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A New Way to Measure Return on Translation

The February issue of Global by Design is now out and the title story looks at all the ways companies measure the return on investment of their translations, or “ROT.”

February Global by Design

Needless to say, the better execs get at demonstrating ROT, the more money they’ll get to spend on translation.
Most executives rely on metrics such as unique visitors, leads, qualified leads, and referrals to local dealer Web sites.

And here’s a new one that I think will help further the cause — the “Translating for Clicks” model.

It’s a simple model, based on the assumption that more Web content generally results in more search engine referrals. I’m talking about organic “free” search engine referrals rather than the paid referrals.

Since marketing teams now pay search engines like Google for referrals, we now have a basis for placing a value on organic search engine referrals driven by translated content. So if we add, say, 100 new pages of translated content, how many additional clicks are we going to get from search engines? And how much are these clicks worth in leads and/or sales generated?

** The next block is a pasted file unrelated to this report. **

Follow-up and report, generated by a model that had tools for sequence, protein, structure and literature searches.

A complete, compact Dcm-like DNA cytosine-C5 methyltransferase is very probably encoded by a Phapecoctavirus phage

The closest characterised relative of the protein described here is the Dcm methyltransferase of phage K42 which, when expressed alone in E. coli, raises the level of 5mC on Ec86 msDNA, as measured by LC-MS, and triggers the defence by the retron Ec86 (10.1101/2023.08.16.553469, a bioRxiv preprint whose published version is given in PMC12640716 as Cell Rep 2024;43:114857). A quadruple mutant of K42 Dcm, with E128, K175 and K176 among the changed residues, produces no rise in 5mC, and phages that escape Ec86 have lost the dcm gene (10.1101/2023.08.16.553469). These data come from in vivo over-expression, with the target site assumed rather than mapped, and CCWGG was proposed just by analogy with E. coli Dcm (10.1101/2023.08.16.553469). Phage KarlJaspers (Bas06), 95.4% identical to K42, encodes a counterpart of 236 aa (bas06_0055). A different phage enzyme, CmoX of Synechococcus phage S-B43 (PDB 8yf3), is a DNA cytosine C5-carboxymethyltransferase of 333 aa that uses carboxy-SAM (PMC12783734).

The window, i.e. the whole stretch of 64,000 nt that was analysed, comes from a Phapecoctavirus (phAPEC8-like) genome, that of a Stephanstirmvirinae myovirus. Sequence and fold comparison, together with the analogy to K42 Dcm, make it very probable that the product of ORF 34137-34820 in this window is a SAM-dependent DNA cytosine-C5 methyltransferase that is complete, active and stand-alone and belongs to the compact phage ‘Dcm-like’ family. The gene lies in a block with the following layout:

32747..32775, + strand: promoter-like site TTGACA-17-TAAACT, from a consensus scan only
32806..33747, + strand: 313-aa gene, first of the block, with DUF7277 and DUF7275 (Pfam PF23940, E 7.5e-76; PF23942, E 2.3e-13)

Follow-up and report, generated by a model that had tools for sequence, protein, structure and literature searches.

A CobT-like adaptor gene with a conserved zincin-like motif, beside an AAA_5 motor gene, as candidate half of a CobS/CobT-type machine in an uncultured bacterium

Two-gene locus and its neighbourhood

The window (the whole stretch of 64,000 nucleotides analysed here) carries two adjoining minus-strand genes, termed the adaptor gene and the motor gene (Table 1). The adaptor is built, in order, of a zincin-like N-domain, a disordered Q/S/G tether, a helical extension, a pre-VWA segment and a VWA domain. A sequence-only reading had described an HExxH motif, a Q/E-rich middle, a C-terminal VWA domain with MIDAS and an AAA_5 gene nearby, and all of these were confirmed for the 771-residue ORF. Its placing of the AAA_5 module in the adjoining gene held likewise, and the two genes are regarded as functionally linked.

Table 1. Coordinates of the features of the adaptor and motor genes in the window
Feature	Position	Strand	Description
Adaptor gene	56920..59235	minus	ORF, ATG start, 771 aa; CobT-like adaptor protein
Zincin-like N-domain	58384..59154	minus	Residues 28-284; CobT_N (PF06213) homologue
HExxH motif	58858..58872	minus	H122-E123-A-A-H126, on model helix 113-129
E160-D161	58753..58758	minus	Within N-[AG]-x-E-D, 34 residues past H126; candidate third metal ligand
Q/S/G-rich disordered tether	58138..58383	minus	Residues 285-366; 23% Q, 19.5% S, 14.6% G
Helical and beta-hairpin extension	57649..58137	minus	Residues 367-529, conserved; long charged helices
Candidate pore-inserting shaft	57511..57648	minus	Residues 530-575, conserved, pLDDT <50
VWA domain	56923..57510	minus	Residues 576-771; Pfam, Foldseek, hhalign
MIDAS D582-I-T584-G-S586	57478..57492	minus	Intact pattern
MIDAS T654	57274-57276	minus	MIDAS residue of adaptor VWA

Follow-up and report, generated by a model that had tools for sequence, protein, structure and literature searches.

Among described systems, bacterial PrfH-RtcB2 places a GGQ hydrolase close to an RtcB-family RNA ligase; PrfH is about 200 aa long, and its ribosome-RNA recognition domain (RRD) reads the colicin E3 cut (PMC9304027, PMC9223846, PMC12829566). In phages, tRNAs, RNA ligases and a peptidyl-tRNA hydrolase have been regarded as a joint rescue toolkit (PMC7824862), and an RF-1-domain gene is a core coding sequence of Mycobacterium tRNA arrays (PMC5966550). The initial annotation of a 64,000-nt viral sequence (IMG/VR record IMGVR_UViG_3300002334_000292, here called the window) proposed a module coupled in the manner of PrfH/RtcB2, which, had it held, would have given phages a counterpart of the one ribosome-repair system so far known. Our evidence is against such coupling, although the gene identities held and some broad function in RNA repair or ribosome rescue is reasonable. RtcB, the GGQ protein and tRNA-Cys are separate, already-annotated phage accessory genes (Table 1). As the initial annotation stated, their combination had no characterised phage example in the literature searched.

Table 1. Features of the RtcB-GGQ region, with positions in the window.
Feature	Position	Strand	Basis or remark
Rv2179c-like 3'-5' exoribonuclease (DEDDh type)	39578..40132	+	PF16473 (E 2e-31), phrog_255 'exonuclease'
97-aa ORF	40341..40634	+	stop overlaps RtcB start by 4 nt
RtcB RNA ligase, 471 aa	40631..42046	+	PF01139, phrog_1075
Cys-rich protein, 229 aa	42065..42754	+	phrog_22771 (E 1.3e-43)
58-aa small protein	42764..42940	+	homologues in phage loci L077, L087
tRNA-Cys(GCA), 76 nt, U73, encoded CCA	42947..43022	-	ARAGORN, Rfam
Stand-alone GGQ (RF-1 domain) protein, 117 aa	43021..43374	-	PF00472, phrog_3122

I’ve floated the model past a number of Web services and marketing execs already and the response has been quite positive. The model is another way to unlock the hidden value of translated Web content.

UPDATE: If you do not subscribe to Global by Design and would like access to the model, we now offer it for sale as a Global Brief.

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1 thought on “A New Way to Measure Return on Translation

  1. Byte Level Research: How to measure the hidden value of translated Web content…

    Companies are adopting new ways to measure the return on investment of translating content into other languages, according to Byte Level Research. The wisdom is self-evident: executives able to demonstrate return on translation, or ROT, are more likel…

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